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Leasing News is a web site that posts information, news, and
entertainment for the commercial alternate financing,
bank, finance and leasing industries

Friday, April 5, 2019

Today's Leasing News Headlines

Leasing Industry Leader Joe Woodley Died
   Tuesday, Reportedly from a Fall, Hitting his Head
New Hires/Promotions in the Leasing Business
  and Related Industries
Maxim Commercial Capital
 Joins Funder List/Looking for Broker/Story Credit Lists
Channel Partners: March 2019: Last 20 Deals
 Business Type/FICO/TIB/Annual Rev./Funding Amt/Term
What Tom McCurnin Learned from 40 Years
    in Banking and Leasing  - Part Two
 "Understand Your Debtor - Embrace Settlement"
Where America's Bridges Are Crumbling
  By Niall McCarthy, Statista
M&T Bank Expands Commercial Equipment Finance Group
   and Names Experienced Sales Management Team
   Riverside County Animal Control  Adopt-a-Dog
Manhattan Broker Fair May 6, 2019
   Almost Sold Out/Attendance is Limited
News Briefs---
Boeing Races Ahead With 737 Max as Financial Risk Deepens
  “The working capital tied up in that is quite mesmerizing.”
Ethiopian Airlines Pilots Followed Boeing’s Safety Procedures
  Before Crash, Report Shows—with Illustrations
Trump Walks Back Threat to Close U.S. Border,
  Giving Mexico a '1-Year Warning'
Jeff Bezos to keep 75% of couple’s Amazon stock
   after finalizing divorce

Broker/Funder/Industry Lists | Features (wrilter's columns)
Top Ten Stories Chosen by Readers | Top Stories last six months (Be Careful of Doing Business)
Leasing News Icon for Android Mobile Device

 You May have Missed---
  Sports Brief----
   California Nuts Brief---
     "Gimme that Wine"
     This Day in History
       Daily Puzzle
         Weather, USA or specific area
          Traffic Live----

######## surrounding the article denotes it is a “press release,” it was not written by Leasing News nor has the information been verified. The source noted. When an article is signed by the writer, it is considered a “byline.” It reflects the opinion and research of the writer.

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Leasing Industry Leader Joe Woodley Died
Tuesday, Reportedly from a Fall, Hitting his Head

Latest reports show he was 78, retired, living in La Quinta, Southern California. An Obituary has not been posted at this time. He was an honorary member of the National Equipment Finance Association.

The history of the association, as reported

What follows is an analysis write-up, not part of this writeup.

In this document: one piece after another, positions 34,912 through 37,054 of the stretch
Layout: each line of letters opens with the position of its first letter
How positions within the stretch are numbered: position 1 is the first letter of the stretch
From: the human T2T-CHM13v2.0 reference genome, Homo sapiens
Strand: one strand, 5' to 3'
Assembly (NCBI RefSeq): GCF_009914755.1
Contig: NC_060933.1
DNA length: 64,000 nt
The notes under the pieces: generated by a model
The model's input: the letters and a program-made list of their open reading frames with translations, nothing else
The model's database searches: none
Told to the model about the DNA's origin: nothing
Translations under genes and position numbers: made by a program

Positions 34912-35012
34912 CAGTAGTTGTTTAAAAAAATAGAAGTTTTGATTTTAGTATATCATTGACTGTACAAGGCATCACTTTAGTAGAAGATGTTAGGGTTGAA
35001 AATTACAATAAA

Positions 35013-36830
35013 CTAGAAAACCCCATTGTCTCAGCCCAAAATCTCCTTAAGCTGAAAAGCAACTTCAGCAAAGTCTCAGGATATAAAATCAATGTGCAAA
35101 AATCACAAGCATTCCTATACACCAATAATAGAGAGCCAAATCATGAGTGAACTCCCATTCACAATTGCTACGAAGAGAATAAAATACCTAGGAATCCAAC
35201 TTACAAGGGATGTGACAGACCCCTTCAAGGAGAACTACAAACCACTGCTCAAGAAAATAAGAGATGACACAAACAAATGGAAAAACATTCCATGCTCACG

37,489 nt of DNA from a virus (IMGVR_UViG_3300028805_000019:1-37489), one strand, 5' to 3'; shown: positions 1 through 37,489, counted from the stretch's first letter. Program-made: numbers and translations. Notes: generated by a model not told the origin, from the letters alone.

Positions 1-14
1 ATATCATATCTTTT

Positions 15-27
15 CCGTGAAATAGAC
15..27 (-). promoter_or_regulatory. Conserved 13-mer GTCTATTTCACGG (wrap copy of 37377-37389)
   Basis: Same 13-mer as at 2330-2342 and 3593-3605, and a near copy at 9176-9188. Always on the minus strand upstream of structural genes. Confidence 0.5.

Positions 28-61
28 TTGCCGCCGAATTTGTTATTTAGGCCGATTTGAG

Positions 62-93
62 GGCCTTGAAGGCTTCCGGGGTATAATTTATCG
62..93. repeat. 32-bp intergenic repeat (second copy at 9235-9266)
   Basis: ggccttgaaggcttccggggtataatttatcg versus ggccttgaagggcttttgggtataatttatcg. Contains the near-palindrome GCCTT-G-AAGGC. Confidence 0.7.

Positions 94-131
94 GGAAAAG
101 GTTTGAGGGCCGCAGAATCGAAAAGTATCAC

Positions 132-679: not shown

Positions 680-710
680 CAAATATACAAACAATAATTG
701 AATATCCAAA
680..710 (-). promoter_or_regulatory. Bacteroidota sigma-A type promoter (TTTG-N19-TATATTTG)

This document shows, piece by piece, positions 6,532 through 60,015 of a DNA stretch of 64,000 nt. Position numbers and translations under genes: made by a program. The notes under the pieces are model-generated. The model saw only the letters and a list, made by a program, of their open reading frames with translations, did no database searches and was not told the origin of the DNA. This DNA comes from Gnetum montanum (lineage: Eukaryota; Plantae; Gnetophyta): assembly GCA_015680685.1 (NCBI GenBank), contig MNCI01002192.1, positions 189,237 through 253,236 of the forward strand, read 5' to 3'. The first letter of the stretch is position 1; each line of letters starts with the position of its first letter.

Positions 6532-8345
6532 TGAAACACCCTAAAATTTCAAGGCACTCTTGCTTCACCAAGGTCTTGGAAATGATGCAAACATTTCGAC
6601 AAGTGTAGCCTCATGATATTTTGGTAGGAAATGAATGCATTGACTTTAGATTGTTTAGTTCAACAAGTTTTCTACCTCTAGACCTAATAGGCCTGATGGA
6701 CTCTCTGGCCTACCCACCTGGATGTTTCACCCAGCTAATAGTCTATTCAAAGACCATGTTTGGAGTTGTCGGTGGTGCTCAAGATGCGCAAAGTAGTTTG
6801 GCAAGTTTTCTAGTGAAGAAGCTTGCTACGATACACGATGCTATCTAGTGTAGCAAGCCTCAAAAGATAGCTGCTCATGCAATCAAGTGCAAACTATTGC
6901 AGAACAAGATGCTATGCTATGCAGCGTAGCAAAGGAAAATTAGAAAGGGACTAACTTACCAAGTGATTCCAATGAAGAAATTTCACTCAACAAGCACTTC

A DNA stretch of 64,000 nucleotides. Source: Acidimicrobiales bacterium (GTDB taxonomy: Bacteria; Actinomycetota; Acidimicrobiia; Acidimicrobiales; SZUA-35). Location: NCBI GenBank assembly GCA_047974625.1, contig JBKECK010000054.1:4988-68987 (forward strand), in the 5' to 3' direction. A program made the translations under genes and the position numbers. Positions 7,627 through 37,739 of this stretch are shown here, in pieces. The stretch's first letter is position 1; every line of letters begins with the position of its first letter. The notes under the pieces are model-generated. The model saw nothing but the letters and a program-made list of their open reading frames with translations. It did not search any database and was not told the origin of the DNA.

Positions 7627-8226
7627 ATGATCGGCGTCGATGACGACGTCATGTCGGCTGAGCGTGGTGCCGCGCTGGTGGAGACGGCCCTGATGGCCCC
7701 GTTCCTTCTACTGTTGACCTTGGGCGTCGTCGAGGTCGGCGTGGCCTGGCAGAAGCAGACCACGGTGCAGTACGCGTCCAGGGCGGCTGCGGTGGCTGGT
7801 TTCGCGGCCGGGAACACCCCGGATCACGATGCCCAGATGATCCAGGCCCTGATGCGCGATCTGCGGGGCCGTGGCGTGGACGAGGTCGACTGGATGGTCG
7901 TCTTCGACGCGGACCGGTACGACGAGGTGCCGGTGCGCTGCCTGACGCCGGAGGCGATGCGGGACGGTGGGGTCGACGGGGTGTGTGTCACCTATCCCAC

By Leasing News:

"Fisher-Anderson following Chuck Brazier, CLP, Centerpoint, who along with Bette Kerhoulas held the organization together in 2001 when the staff fell to one. Joe Woodley, formerly of Westover Leasing and past president, was brought in as CEO, working part-time to help rebuild the association. Bill Grohe, retired broker/lessor and past president of the association, also works part-time as membership director."

"November 20, 2001

"Ex-WAEL Prez to Be New Chief Executive Officer

"Joe Woodley, CLP, is the new full-time United Association of Equipment Leasing (UAEL) Chief Executive Officer.  He will continue at Westover Financial.  Steve Jones is the president of Westover. He was president of the organization in 1987, when it was the Western Association of Equipment Lessors."

( WAEL )..

Joanie Dalton, former executive  former meeting planner, executive director, has been elevated to Chief Operating Officer.

“This is a very, very positive move for our association,“ Joanie Dalton said. “It is also very positive for me personally and professionally…to have a mentor such as Joe Woodley is perfect.  We can provide more benefits to our members. 2002 will be an exciting year for UAEL.”

Bill Grohe, who was president of the organization in 1991 when it was WAEL, remains as membership director.

Since the departure of long time executive vice-president Dr. Raymond Williams, CAE, Joanie Dalton along with the executive committee, utilized “outsourcing” to keep the budget in line.

 2001 president Chuck Brazier, CLP, Centerpoint Financial, says it is
“time to get the executive committee out of running the office and to spend more time with members, listening to them, providing solutions, and being more active."

Late News:

National Equipment Finance Association Press Release

#####  Press Release ###########################

In Memoriam: Industry Mourns Passing of Joe Woodley

La Quinta, CA – It is with great sadness that we announce the passing of Joe Woodley.  Joe passed away April 2nd after a brief illness. Joe Woodley was a leasing and specialty finance industry veteran and icon who was named as one of the “Top 25 Most Influential People in Leasing.” Joe will be missed by his many friends throughout the industry.

In the late 70s and early 80s Joe worked for Colonial Pacific Leasing (CPL), then owned by Roseburg Lumber in the Portland, OR area. John Thorne, the head of CPL at the time, had the idea to build a network of Leasing Brokers, as he saw it as more cost effective than competing for vendor business. Colonial Pacific Leasing was the first to pursue this business and Joe, along with several other individuals who would go on to become leasing industry veterans, were instrumental in helping CPL develop their original broker network.